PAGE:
But exactly what do Lutherans do with saints? If we don’t pray to them, what role do they play?
First of all, they are role models. We think about the way they served Jesus and loved Jesus...and it inspires us! We think of how St. Athanasius stood up for the truth that Jesus is God...and it inspires us to stand up for truth in our day. We think of how St. Peter and St. Paul gave their lives as martyrs for Christ...and it inspires us to proclaim Christ’s truth in our day. No, we do not seek them as intercessors...but they do something even more important for us. They show us what it is like to revere Jesus and serve Jesus.
Secondly, even though we don’t pray to them, we pray with them. Today in our service we sang a great hymn, “Ye Watchers and Ye Holy Ones.” And in that hymn we called upon all the ranks of angels, upon the Blessed Virgin Mary, upon the Apostles and the martyrs and all the saints to join us in praising God. Lutherans don’t pray to the saints, but we pray with the saints. As the liturgy says, we join “with angels and archangels, and all the company of heaven” in praising the Name of the Lord.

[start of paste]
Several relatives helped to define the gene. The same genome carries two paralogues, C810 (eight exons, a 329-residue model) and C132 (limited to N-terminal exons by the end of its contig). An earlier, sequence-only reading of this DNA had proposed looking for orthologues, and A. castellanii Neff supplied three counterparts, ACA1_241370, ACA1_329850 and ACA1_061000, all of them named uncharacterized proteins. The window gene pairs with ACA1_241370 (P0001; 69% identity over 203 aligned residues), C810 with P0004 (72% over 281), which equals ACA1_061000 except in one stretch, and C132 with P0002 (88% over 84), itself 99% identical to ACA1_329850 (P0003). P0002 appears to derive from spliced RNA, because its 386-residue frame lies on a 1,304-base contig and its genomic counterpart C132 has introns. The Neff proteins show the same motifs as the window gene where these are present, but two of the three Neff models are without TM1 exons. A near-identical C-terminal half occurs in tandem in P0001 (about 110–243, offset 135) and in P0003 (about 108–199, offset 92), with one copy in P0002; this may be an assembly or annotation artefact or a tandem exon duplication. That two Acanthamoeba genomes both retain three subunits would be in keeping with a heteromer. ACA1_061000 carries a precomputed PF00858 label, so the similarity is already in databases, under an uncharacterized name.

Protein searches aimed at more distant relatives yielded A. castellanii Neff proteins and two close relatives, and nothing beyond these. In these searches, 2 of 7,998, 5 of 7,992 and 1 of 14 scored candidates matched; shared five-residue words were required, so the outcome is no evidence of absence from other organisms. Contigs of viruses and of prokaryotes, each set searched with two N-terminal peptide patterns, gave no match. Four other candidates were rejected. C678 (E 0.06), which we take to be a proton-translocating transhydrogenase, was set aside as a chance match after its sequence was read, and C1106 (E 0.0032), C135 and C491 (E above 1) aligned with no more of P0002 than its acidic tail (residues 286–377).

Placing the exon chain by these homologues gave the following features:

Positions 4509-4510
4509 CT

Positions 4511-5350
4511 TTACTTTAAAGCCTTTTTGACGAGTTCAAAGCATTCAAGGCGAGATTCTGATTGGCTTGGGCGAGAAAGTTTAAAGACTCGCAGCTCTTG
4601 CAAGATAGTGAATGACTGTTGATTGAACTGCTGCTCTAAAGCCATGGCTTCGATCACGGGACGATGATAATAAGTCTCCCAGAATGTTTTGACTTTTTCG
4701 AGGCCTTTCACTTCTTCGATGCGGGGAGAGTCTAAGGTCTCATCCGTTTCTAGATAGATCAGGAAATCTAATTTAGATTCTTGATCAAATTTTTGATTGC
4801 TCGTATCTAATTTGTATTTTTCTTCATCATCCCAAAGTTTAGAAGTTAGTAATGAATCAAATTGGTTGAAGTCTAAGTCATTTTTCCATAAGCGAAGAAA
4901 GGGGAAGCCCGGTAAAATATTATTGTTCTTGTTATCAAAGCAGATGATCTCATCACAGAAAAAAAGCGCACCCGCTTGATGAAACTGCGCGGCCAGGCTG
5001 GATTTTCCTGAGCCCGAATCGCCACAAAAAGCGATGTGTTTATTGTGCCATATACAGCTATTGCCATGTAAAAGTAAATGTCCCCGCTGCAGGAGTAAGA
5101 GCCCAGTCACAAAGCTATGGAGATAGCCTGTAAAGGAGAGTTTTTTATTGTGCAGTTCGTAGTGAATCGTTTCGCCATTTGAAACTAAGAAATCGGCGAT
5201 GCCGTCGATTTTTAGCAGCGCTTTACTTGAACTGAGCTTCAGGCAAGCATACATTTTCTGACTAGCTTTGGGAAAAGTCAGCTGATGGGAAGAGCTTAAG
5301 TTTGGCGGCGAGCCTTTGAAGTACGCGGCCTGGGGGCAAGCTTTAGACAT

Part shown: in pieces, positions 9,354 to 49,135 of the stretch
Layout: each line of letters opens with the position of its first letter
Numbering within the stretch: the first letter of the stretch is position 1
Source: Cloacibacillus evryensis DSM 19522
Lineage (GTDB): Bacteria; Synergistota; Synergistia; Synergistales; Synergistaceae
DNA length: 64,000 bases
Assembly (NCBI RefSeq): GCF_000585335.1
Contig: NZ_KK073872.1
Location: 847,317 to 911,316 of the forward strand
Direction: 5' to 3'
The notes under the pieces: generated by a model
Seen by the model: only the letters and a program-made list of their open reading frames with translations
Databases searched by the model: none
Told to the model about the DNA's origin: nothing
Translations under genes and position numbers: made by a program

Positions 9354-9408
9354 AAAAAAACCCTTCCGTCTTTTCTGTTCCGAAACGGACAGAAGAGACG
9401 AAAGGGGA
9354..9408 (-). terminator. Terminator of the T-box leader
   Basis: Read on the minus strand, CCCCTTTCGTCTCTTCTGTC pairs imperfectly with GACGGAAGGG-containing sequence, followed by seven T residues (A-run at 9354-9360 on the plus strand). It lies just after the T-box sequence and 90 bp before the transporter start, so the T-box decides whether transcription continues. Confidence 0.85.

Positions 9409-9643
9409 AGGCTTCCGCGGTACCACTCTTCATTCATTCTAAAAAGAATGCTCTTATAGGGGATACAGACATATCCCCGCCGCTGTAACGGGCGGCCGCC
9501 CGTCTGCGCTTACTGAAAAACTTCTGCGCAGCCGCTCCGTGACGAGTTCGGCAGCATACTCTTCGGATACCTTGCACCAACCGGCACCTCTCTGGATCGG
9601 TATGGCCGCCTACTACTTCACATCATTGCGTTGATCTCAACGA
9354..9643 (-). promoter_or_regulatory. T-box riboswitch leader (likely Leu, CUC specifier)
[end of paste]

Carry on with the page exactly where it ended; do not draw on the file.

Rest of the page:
But one thing we need to emphasize is this: all believers are “saints”. Indeed, we celebrate St. Laurence, St. Athanasius, and all the rest...but everyone who belongs to Jesus is a “saint,” a holy person. In his letters. St. Paul often addresses “the saints” in Ephesus, in Rome, in Corinth, etc. And Paul wasn’t addressing a spiritual elite–he was talking to all the believers. All those who belong to Jesus are holy people–saints! If you want to see a saint...look in the mirror! I often refer to something I heard Bishop Kallistos Ware once say: that the key words in Christianity are “one, some and all”. Applying that to “saints”, one arrives at this: there is One who is holy, Jesus Christ the Saviour. There are some who are holy, special saints like Laurence and Augustine. But ultimately all believers are holy people, all believers are saints.
If I believe in Jesus, if you believe in Jesus...WE ARE SAINTS!
Now the challenge is...to act like saints and behave like saints!
God loves you and so do I!